Article  PubMed  Google Scholar 

  14. Gupta S et al (2005) A phase II trial of UFT and leucovorin in women 65 years and older with advanced breast cancer. Am J Clin Oncol 28(1):65–69

    Article  CAS  PubMed  Google Scholar 

  15. Bajetta E et al (2005) Safety and efficacy of two different doses of capecitabine in the treatment of advanced breast cancer in older women. J Clin Oncol Off J Am Soc Clin Oncol 23(10):2155–2161

    Article  CAS  Google Scholar 

  16. Crivellari D et al (2006) Innovative schedule of oral idarubicin in elderly patients with metastatic breast cancer: comprehensive results of a phase II multi-institutional study with pharmacokinetic drug monitoring. Ann Oncol Off J Eur Soc Med Oncol ESMO 17(5):807–812

    Article  CAS  Google Scholar 

  17. Baweja M et al (2006) Phase II trial of oral vinorelbine for the treatment of metastatic breast cancer in patients > or = 65 years of age: an NCCTG study. Ann Oncol Off J Eur Soc Med Oncol ESMO 17(4):623–629

    Article  CAS  Google Scholar 

  18. Kurtz JE et al (2007) Phase II trial of pegylated liposomal doxorubicin-cyclophosphamide combination as first-line chemotherapy in older metastatic breast cancer patients. Oncology 73(3–4):210–214

    Article  CAS  PubMed  Google Scholar 

  19. Basso U et al (2007) Which benefit from adding gemcitabine to vinorelbine in elderly (> or = 70 years) women with metastatic breast cancer? Early interruption of a phase II study. Ann Oncol Off J Eur Soc Med Oncol ESMO 18(1):58–63

    Article  CAS  Google Scholar 

  20. Hess D et al (2007) Capecitabine and vinorelbine as first-line treatment in elderly patients (> or = 65 years) with metastatic breast cancer. A phase II trial (SAKK 25/99). Oncology 73(3–4):228–237

    Article  CAS  PubMed  Google Scholar 

  21. Addeo R et al (2008) Liposomal pegylated doxorubicin plus vinorelbine combination as first-line chemotherapy for metastatic breast cancer in elderly women > or = 65 years of age. Cancer Chemother Pharmacol 62(2):285–292

    Article  CAS  PubMed  Google Scholar 

  22. Mlineritsch B et al (2009) Multicenter phase II study of pegylated liposomal doxorubicin in combination with vinorelbine as first-line treatment in elderly patients with metastatic breast cancer. Onkologie 32(1–2):18–24

    CAS  PubMed  Google Scholar 

  23. Wang H-Q et al (2010) Capecitabine combined with weekly docetaxel in Chinese patients > 65 years with anthracycline-resistant metastatic breast cancer. Chin Med J (Engl) 123(22):3212–3216

    CAS  Google Scholar 

  24. Addeo R et al (2010) Low-dose metronomic oral administration of vinorelbine in the first-line treatment of elderly patients with metastatic breast cancer. Clin Breast Cancer 10(4):301–306

    Article  CAS  PubMed  Google Scholar 

  25. Dong N, Wang M, Li H, Cui Y, Guo Q (2012) Gemcitabine in combination with vinorelbine in elderly patients with anthracycline- and taxane-pretreated metastatic breast cancer. Cancer Chemother Pharmacol 69(5):1315–1322

    Article  CAS  PubMed  Google Scholar 

  26. Falandry C et al (2013) Impact of geriatric risk factors on pegylated liposomal doxorubicin tolerance and efficacy in elderly metastatic breast cancer patients: final results of the DOGMES multicentre GINECO trial. Eur J Cancer Oxf Engl 49(13):2806–2814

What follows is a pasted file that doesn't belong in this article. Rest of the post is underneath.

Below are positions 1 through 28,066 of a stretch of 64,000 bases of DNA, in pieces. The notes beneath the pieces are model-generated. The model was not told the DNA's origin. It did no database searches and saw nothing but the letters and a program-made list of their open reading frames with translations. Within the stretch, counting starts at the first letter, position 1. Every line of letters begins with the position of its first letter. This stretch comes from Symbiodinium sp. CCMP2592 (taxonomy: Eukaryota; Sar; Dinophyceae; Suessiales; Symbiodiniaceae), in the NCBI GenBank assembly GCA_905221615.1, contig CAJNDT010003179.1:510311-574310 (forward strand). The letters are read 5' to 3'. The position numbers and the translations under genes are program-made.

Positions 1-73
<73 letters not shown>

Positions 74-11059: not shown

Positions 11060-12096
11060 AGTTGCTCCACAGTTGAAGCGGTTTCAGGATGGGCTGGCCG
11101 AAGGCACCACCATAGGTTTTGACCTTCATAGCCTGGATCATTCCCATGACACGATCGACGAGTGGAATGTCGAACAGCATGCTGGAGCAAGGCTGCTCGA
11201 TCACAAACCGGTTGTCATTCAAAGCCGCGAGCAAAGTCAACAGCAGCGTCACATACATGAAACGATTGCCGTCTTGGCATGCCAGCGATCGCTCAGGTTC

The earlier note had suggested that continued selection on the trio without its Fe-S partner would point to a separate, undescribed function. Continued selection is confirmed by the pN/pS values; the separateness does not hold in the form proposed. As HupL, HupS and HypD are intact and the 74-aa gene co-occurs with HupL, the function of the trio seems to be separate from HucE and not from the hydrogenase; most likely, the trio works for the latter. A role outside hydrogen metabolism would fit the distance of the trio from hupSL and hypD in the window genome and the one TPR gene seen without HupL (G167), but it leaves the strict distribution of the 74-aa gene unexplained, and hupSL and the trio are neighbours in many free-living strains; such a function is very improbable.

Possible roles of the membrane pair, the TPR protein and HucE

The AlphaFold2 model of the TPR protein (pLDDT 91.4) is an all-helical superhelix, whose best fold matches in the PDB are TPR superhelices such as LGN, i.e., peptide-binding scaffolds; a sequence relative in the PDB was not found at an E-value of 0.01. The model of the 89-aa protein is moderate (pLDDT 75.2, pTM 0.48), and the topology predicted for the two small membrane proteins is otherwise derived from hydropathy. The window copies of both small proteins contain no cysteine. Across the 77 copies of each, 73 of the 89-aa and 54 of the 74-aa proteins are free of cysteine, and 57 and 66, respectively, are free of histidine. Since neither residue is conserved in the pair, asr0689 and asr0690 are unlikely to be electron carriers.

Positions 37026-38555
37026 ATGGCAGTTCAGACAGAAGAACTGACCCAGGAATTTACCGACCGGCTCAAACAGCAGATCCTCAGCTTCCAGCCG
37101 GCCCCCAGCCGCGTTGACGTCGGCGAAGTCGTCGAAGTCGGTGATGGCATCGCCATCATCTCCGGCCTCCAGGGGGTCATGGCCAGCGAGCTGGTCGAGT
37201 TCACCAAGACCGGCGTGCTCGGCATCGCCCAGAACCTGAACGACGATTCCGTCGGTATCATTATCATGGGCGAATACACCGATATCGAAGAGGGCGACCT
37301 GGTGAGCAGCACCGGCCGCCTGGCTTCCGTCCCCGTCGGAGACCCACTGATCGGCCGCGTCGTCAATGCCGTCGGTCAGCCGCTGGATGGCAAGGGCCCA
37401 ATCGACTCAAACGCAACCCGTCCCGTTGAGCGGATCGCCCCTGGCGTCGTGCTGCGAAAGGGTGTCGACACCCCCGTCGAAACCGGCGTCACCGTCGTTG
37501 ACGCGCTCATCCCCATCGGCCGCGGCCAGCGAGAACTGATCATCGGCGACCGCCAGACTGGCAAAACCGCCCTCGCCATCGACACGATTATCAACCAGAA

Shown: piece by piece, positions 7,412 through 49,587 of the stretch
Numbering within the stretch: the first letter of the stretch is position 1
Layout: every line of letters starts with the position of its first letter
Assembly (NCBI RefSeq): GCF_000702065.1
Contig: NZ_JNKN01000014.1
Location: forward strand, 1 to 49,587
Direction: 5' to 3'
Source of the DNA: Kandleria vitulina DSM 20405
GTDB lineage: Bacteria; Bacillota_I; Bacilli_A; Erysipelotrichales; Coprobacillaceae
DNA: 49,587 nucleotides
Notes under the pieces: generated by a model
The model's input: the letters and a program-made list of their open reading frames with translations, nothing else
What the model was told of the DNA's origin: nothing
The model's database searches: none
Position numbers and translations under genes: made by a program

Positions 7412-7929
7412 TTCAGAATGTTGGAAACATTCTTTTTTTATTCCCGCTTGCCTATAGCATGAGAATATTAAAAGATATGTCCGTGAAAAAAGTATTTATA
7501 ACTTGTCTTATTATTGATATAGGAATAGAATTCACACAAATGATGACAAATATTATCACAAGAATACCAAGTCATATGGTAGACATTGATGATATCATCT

Article  CAS  Google Scholar 

  27. Simon R (1999) Bayesian design and analysis of active control clinical trials. Biometrics 55(2):484–487

    Article  CAS  PubMed  Google Scholar 

  28. Katz S (1983) Assessing self-maintenance: activities of daily living, mobility, and instrumental activities of daily living. J Am Geriatr Soc 31(12):721–727

    Article  CAS  PubMed  Google Scholar 

  29. Zanocchi M et al (2004) L’indice medico di non autosufficienza: validazione e comparazione con le scale AFL e IADL. Minerva Med 95(2):143–151

    CAS  PubMed  Google Scholar 

  30. Le Saux O, Falandry C, Gan HK, You B, Freyer G, Péron J (2016) Inclusion of elderly patients in oncology clinical trials. Ann Oncol 27:1799–1804

    Article  PubMed  Google Scholar 

  31. Talarico L, Chen G, Pazdur R (2004) Enrollment of elderly patients in clinical trials for cancer drug registration: a 7-year experience by the US Food and Drug Administration. J Clin Oncol 22(22):4626–4631

    Article  PubMed  Google Scholar 

  32. Balducci L, Extermann M (2000) Management of cancer in the older person: a practical approach. Oncologist 5(3):224–237

    Article  CAS  PubMed  Google Scholar 

  33. Debled M, Bellera C, Donamaria C, Soubeyran P (2011) Chemotherapy treatment for older women with metastatic breast cancer: what is the evidence? Cancer Treat Rev 37(8):590–598

    Article  CAS  PubMed  Google Scholar 

  34. Freyer G et al (2006) Dealing with metastatic breast cancer in elderly women: results from a French study on a large cohort carried out by the ‘Observatory on Elderly Patients’. Ann Oncol 17(2):211–216

    Article  CAS  PubMed  Google Scholar 

  35. D’hondt R et al (2004) Safety and efficacy of weekly docetaxel in frail and/or elderly patients with metastatic breast cancer: a phase II study. Anticancer Drugs 15(4):341–346